The rest was history: “Sobrang laki ng pagkakaiba ng buhay ko noon at buhay ko ngayon. Actually, ‘yong mga kakilala ko sa probinsiya, nagugulat nga sila na abogado ka na pala. Hindi nila iniisip ‘yon na magiging abogado ako kasi nga sino ba naman [kami], wala namang kakayahan ‘yung pamilya, ‘di ba?”

(There’s a big difference between my life then and now. Actually, those people I know from the province were surprised to learn that I am now a lawyer. It did not occur to them that I would be a lawyer because I came from humble beginnings, right?)

Clothing, Shirt, Adult
PAO LAWYER. From security guard, Mario Dionisio Jr. is now a PAO lawyer and heads the PAO Quezon City district. Rappler
Second time’s the charm

After hurdling law school, Dionisio did not immediately become a lawyer as he flunked the Bar exams on his first try.

No’ng time na hindi ako pumasa sa Bar exams, iniyakan ko ‘yon eh. Sabi ko kay Lord, ‘Ipasa mo lang ako, Lord at magsisilbi talaga ako sa bayan at ipapangako ko sa Iyo, I want to have a covenant with you na gagawin ko yung nararapat: ang tumulong sa mga mahihirap,'” Dionisio said.

(When I did not pass the Bar Exams, I cried. I told the Lord, “Please allow me to pass, Lord, and I will serve the country, and I promise you, I want to have a covenant with you that I will do what’s right: help the poor.)

On his second try, he passed the 2006 Bar exams. The results were released in 2007. Dionisio said he was sure God was with him because his application with PAO went smoothly. Of the big bunch of applicants who sought to enter the office, he was the only one picked for the vacancy in PAO Manila.

Another thing was, when he was still applying to be a PAO lawyer, a multinational company offered him a job and he was told he could start immediately for the corporation. For Dionisio, it was a test, a temptation. He followed his heart and kept his promise; he turned down the corporate job even though he was not yet hired for PAO at that time.

He left his job at the NTRC to transfer to PAO in 2007. Public lawyering was indeed challenging, he said, because of the workload and low pay of PAO lawyers back then.

Tapos there was a time nga na tatlong courts ang hawak ko. Lagare ako umaga-hapon, then every day mayroong hearing (And there was a time that I handled three courts. I worked from morning until afternoon, every day there was a hearing),” he said.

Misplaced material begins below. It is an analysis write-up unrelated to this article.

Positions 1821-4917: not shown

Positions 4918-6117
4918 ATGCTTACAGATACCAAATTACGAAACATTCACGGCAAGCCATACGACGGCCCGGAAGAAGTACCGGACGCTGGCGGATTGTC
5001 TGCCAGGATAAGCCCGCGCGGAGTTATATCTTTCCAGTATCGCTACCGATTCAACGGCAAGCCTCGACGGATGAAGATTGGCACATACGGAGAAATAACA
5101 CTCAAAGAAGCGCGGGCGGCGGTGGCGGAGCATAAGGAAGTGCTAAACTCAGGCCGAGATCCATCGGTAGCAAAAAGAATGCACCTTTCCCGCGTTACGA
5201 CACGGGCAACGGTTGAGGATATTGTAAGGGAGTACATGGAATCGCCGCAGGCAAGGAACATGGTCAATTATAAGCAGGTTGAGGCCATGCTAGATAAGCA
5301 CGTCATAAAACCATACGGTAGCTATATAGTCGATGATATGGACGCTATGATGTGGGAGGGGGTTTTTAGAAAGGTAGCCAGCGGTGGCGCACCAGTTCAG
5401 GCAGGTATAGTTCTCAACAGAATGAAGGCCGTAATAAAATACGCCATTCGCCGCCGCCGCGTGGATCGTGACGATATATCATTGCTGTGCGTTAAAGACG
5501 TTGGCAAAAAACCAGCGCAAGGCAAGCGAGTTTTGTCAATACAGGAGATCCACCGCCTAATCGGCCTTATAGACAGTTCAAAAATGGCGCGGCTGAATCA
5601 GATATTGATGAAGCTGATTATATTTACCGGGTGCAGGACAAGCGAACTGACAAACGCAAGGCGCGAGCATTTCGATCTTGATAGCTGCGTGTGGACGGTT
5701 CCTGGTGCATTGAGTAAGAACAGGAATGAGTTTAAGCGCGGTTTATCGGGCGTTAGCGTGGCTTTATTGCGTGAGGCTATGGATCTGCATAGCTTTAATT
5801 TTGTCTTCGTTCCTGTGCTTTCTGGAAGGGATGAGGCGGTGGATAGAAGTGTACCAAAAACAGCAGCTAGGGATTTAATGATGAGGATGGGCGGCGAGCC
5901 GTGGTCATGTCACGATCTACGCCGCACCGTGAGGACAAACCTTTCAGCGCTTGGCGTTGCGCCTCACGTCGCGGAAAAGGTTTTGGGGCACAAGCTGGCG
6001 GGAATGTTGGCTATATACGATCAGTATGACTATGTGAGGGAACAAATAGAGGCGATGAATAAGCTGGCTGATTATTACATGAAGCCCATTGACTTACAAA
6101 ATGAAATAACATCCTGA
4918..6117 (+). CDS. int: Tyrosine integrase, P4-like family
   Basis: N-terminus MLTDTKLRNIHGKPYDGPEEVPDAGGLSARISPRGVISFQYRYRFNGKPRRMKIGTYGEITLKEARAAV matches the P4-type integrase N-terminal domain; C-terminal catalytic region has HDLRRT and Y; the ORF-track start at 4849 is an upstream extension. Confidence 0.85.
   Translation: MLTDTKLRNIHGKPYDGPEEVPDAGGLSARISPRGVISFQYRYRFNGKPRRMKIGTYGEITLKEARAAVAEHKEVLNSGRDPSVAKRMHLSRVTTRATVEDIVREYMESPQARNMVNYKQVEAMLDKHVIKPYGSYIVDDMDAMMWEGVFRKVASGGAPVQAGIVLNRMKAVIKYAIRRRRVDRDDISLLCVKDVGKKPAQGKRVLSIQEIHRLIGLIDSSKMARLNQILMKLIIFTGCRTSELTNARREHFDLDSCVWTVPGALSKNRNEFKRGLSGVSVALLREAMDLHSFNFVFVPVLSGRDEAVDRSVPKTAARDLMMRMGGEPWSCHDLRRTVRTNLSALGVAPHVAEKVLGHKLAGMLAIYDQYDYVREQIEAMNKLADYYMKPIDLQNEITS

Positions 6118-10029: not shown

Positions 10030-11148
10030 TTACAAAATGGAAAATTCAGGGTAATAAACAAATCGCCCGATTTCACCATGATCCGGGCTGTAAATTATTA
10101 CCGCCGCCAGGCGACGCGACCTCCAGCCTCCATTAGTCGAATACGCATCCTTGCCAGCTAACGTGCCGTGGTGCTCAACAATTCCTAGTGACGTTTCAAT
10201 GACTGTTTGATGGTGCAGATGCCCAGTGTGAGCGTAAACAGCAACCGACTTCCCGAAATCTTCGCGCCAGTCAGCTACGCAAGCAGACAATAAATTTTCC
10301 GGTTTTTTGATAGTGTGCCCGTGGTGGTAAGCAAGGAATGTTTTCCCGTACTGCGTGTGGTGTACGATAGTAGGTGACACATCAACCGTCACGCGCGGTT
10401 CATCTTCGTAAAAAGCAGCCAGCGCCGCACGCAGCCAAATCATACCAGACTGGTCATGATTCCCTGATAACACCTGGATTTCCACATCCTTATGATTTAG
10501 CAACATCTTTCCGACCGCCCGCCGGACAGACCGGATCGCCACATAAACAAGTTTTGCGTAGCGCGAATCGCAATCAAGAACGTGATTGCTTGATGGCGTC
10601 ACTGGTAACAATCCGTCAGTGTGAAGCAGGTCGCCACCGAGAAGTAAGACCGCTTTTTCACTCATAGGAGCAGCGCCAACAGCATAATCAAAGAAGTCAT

After years of working as a PAO lawyer, he was promoted to division head. Later on, he was also picked to become assistant district head. In 2019, he was chosen to lead PAO Manila as its district head, before he was transferred to Quezon City in late 2023.

Life as a public lawyer

Just like other public lawyers, Dionisio has a fair share of threats. At the height of the drug war, he held a case involving a police officer. He would travel all the way from Manila to Angeles in Pampanga to attend court proceedings and to his client’s needs.

Dionisio shared that every time he traveled, there was constant fear that he felt, especially since police were implicated in some cases. The last straw was when he received death threats, he said, so he asked the PAO to remove him from the case.

“Actually, lagi namang nando’n ‘yong panganib na ‘yon, lalo sa aming mga abogado. Kaya lang, siyempre, doon pumapasok ‘yong paniniwala ko sa Diyos. Doon pumapasok ‘yong panalangin ko na every day, pagbangon ko pa lang sa umaga, humihingi na ako ng guidance (Actually, the threat is always there, especially to us lawyers. But, of course, that’s where your faith in God comes in. I pray every day, from the moment I wake up, I already ask for guidance),” Dionisio said.

But for Dionisio, the most memorable case he has handled was one involving a child in conflict with the law (CICL). Back in the day, Dionisio said he was assigned to handle a case of a CICL accused of frustrated homicide. With Dionisio’s assistance, authorities decided to sanction the child with diversion and put him under the custody of nongovernment organization, Association Compassion Asian Youth, Inc. for reformation.

Dionisio said under a sanction of diversion, a CICL is handed a diversion contract containing all the terms and conditions he or she needs to comply with. Once the CICL has been reformed and has satisfied all the terms and conditions, the child can be discharged. The case will also be sealed permanently, Dionisio added.

The PAO lawyer said his CICL client is now an aircraft mechanic. Every time his client would be invited to share his experience as one of the models and evidence of the effectiveness of the juvenile justice system, the former CICL would always acknowledge Dionisio as the PAO lawyer who changed his life.

Napaka-fulfilling ang trabaho ng isang PAO lawyer. At hindi mapapalitan at hindi mapapantayan ng salapi ‘yong pakiramdam na ‘yon na nakatulong ka sa mga tao, na ikaw ‘yong naging instrumento kung paano sila nakalagpas doon sa legal challenges ng mga tao, kung ano na problema ang kinasasadlakan nila. Hindi ‘yon mapapalitan ng pera,” Dionisio said.

(The job of a PAO lawyer is fulfilling. Money can’t buy that fulfillment you feel when you were able to help people, when you became the instrument for their getting past their legal challenges and whatever problem they were embroiled in. You can’t exchange those for money.)

“‘Yon ‘yong dapat na magiging driving force ng mga aplikante o nagnanais na pumasok sa PAO (This should be the driving force for wanting to be a part of PAO). You should have the heart to help. You should have the compassion to help the poor, the indigent, the marginalized.” –

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Jairo Bolledo

Jairo Bolledo is a multimedia reporter at Rappler covering justice, police, and crime.